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County votes ‘no” on city TIF, John Sevier building proposal


Staff Writer

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After discussing the topic for several months, the Washington County Commission finally came to a vote regarding the Johnson City Development Authority’s redevelopment and urban renewal plan for downtown Johnson City and the John Sevier Center.

The resolution for the plan failed in a 7-7 vote on the JCDA’s tax increment financing. The second JCDA resolution to use TIF to finance the acquisition of the John Sevier Center also failed in a 7-7 vote. Commissioners Larry England, Freddie Malone, Suzy Williams, Phil Carriger, Jodi Jones, Gary McAllister and Jim Wheeler were in favor. Commissioners Steven Light, Kent Harris, Jerome Fitzgerald, Danny Edens, Bryan Davenport, Robbie Tester and Mike Ford were opposed. Chairman Greg Matherly was absent.

The amendment to the JCDA redevelopment and urban renewal plan included taking the plan from an assessment-base model to a tax-base model and also raising the plan’s debt ceiling by $11 million. For Harris, the amount of debt was a primary concern.

“This is a large amount — millions of dollars more — that they are asking this commission to take on in that TIF area,” Harris said. “It’s actually going to be up to an amount that never ends because it’s based on a percentage of the value of the property in that TIF area that they can borrow on. I for one am against that.”

The resolution included that the JCDA would have to bring any project over $25,000 to the commission. JCDA board member Craig Torbett added that if commissioners were concerned about the debt climbing, they would have the opportunity to vote against the projects that would be presented to them as part of the plan.

“It does not in any way increase the debt on the books at any point,” Torbett said. “At any point that you feel the debt has reached a level you don’t want it to, you can simply disapprove that project.”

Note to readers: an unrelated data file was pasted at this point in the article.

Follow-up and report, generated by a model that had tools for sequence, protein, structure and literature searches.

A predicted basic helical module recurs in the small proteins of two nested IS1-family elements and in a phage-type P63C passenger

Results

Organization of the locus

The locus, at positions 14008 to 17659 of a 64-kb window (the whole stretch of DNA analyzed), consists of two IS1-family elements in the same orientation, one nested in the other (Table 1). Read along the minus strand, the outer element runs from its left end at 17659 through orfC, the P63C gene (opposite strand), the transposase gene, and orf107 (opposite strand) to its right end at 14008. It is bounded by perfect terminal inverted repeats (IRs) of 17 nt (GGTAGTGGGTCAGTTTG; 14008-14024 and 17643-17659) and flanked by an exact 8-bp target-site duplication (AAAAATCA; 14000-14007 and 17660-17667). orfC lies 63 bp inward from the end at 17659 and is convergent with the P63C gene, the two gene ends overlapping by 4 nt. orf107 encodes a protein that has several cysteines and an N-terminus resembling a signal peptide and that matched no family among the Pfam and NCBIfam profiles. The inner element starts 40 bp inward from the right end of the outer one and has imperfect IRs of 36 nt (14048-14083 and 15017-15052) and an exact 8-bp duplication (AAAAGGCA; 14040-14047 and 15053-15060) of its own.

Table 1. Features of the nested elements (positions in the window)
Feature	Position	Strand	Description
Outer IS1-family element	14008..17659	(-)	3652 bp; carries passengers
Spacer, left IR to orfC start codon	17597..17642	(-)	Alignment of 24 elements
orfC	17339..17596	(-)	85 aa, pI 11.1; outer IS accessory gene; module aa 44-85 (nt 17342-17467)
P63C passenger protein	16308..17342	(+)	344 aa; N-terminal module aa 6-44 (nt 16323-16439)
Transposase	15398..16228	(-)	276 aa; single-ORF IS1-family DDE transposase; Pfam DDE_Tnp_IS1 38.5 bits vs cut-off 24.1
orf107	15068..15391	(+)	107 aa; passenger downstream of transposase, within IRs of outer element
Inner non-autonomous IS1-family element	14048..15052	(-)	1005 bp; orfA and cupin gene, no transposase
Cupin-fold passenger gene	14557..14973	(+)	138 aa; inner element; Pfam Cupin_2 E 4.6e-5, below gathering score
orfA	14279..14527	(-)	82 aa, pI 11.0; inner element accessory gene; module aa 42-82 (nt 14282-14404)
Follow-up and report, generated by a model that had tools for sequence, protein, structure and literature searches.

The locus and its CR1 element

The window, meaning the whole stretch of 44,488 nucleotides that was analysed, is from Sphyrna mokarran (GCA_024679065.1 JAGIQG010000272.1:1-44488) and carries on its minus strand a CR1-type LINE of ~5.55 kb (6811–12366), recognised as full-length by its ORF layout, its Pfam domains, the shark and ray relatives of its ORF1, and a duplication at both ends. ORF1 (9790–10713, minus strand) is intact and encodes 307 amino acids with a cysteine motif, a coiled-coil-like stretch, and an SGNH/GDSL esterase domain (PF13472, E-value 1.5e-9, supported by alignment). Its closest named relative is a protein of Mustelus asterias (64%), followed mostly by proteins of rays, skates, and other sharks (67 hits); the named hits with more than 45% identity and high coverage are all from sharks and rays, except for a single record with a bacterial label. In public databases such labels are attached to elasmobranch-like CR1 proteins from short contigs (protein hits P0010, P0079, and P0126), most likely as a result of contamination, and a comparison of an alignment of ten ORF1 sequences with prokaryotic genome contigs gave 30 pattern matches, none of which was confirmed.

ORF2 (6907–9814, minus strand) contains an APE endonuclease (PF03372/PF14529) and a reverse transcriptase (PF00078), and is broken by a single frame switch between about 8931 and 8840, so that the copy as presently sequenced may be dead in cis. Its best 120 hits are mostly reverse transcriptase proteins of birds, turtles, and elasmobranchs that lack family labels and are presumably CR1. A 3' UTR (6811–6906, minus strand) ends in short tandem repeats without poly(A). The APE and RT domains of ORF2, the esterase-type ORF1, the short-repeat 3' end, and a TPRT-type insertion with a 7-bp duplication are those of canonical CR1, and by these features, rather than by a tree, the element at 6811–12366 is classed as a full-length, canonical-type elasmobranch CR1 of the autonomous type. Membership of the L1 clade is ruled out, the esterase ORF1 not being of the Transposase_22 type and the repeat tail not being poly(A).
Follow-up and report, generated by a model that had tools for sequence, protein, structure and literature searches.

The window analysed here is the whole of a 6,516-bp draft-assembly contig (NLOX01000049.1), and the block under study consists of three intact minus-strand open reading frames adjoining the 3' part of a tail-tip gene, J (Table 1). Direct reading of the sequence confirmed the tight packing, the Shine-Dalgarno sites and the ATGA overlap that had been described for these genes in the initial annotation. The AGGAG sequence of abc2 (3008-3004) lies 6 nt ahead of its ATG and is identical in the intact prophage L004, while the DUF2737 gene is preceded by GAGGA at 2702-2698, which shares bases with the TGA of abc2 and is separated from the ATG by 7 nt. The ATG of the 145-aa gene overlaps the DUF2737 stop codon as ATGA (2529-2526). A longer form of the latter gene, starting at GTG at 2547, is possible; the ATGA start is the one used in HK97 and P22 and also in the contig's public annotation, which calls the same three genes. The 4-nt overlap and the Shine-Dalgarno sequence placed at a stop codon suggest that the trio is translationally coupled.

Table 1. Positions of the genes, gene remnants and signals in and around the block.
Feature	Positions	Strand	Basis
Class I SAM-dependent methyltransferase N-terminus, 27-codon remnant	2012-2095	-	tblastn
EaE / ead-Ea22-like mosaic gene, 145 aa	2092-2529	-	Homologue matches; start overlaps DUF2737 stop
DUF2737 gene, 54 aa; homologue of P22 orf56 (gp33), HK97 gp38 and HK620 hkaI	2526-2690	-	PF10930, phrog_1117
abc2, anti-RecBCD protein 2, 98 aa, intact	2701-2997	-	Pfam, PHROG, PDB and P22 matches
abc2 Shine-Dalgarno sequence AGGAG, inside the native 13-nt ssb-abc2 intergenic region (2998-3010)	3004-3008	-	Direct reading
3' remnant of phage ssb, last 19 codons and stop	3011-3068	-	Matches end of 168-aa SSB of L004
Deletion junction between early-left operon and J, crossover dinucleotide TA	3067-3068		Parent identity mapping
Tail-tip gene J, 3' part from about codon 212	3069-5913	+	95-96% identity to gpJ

For some commissioners, the decision came down to growth for the area. Carriger asked commissioners if they were “for growth and jobs or for doing nothing” while McAllister said he felt the investment in downtown promoted the area as a whole to other businesses.

Meanwhile, numerous commissioners commented on the poor conditions in which the John Sevier Building residents live. The JCDA’s plan includes relocating those residents elsewhere before remodeling the historic building and placing it on the market.

Malone said he felt change would eventually be happening for those living in the John Sevier building one way or another and the commission should consider whether that will be change brought by a local or a national corporation.

“A lot of times people do not want change and they fear the change that might come in the future,” Malone said. “But things for those residents at the John Sevier Center are going to change. The question is do we address that change on the local basis or do we allow that to happen outside of our hands?”

Cantler said the property is currently for sale. Northeast Tennessee Regional Economic Partnership’s CEO Mitch Miller added that the JCDA planned to use TIF for the John Sevier project. He agreed with Tester that after the commission voted down the motion for the TIF amendment, the John Sevier project discussion was a “moot” discussion.

Jones said she felt the commission should discuss what possibilities there were for the JCDA and the John Sevier Building project in light of the failed TIF motion.

Carriger added that he felt the commission needed to vote on the John Sevier Building resolution in order to hold the commission accountable.

“Are we going to be a part of the solution or are we going to be a part of the problem?,” Carriger asked the commission. “We spent three (Commerce, Industry and Agriculture) meetings, we spent a tour of the John Sevier Center, we spent three hours and 20 minutes going over all this.

“I really feel for the people of the John Sevier Center. That is very, very poor conditions that they live in. I think it’s a shame their county commission evidently doesn’t care about them. I think this body needs to be on record and tax payers hold them accountable.”